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Old 04-05-2014, 09:30 PM   #17
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** To clarify, "I am currently seeing" means I am now under treatment and not that I am dating my psychiatrist right now.

Also he is not famous, but my past boyfriends are. My psychiatrist is just a doctor who is starting out. He is in residency. Thanks.
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Old 04-05-2014, 10:58 PM   #18
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Quote:
Originally Posted by LucyK
** To clarify, "I am currently seeing" means I am now under treatment and not that I am dating my psychiatrist right now.

Also he is not famous, but my past boyfriends are. My psychiatrist is just a doctor who is starting out. He is in residency. Thanks.
-----------------------
Ur seeing a psychiatrist?

Lucky him!!!
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Old 04-06-2014, 11:32 AM   #19
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Quote:
Originally Posted by LucyK
I am currently seeing a brilliant psychiatrist in his residency year who will be moving to the West Coast for fellowship in ten weeks. I may be moving to the West Coast in 6 months.

So I get that some patients think their providers are interested in them when they are just giving expected care, but I am a woman in her late twenties and have dated famous men before, so it is reasonable for me to assume I am attractive with a decent personality. I don't believe what I feel is transference, because the first time I saw him (attractive), I knew I could fall for this guy. I've flirted with him, and in subtle ways he has flirted back. He has a lot to lose, so I don't know where this is going to go, if anywhere. He knows I'm interested, but because he is a psychiatrist, I think the rules go that no matter what, no relationship is allowed between patient and provider. I could "fire" him, but I don't know if that will still allow me to date him. I am at loss as to what to do, for there is no man that interests me but him.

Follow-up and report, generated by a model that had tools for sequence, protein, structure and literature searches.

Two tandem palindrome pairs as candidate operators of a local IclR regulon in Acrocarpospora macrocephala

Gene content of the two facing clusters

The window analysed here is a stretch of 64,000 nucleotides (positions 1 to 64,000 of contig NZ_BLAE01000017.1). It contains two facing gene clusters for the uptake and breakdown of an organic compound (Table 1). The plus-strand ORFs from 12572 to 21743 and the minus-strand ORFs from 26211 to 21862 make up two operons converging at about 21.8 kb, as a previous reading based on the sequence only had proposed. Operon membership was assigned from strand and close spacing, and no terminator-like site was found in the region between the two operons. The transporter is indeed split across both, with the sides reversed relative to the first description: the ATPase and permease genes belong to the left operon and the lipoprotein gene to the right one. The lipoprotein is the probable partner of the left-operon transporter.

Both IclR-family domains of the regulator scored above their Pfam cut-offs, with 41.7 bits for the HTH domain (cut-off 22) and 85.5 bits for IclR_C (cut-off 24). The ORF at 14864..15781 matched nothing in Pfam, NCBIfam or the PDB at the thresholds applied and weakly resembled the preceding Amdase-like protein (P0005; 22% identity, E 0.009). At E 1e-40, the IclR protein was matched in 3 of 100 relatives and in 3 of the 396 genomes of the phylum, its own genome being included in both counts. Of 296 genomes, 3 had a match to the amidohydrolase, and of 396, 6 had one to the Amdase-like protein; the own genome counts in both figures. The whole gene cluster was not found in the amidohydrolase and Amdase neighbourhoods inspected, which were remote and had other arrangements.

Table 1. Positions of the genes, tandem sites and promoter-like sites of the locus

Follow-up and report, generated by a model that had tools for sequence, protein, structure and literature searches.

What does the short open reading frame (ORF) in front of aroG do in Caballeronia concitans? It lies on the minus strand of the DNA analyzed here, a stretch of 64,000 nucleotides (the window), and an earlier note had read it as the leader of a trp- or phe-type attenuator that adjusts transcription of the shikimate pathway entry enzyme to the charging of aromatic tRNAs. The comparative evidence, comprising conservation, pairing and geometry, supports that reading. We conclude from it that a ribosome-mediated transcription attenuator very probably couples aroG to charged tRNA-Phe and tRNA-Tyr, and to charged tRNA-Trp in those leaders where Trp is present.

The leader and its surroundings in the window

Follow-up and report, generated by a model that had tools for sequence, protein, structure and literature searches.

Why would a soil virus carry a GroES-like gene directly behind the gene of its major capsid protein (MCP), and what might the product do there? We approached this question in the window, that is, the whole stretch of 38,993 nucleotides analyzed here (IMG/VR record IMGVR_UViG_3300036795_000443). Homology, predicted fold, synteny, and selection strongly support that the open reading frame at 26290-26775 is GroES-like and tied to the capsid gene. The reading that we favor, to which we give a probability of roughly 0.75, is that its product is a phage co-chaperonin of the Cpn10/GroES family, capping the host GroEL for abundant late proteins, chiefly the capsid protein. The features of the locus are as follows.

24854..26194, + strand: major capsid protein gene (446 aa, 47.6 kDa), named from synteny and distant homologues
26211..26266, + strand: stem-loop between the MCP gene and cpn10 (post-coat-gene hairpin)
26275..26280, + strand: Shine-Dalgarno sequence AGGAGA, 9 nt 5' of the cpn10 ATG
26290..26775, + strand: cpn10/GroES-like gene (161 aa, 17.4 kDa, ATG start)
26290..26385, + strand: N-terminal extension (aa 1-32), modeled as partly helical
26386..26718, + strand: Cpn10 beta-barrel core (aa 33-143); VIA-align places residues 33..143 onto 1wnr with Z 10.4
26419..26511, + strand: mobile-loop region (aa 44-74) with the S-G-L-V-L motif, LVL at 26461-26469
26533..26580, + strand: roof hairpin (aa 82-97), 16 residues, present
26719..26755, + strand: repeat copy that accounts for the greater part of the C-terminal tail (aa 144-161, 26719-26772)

I would love any advice that I could get here. Thanks so much.


I don't think it is going to happen. You may be infatuated with him, but him being your provider before any sort of romantic relationship may preclude any healthy, normal relationship from developing. It changes the dynamic. He knows about whatever clinical problems you have and it would be difficult for him to compartmentalize that and subsequently look at you romantically. Just my .02.

For what it's worth, I am a healthcare provider and I have had 3 female patients directly ask me out in the past year. I did date one for a time, but not until her case was formally closed and she was no longer my patient. I am not a psychiatrist.

So these things do happen, but it's different when you are seeing someone for a broken foot or routine medical problem versus a mental health issue.
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Old 04-06-2014, 11:58 AM   #20
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Quote:
Originally Posted by Colossus
I don't think it is going to happen. You may be infatuated with him, but him being your provider before any sort of romantic relationship may preclude any healthy, normal relationship from developing. It changes the dynamic. He knows about whatever clinical problems you have and it would be difficult for him to compartmentalize that and subsequently look at you romantically. Just my .02.

For what it's worth, I am a healthcare provider and I have had 3 female patients directly ask me out in the past year. I did date one for a time, but not until her case was formally closed and she was no longer my patient. I am not a psychiatrist.

So these things do happen, but it's different when you are seeing someone for a broken foot or routine medical problem versus a mental health issue.

I guess my question is, is it possible to date him without trouble. I read the rules are more lax if the physician is not a psychiatrist, and I've also read that it is okay to date your psychiatrist if you are no longer under his care and if it's been x years passed, etc. I've also read it's not okay at all. So I've read all sorts of things. Can you, as a healthcare provider, tell me if these things are valid?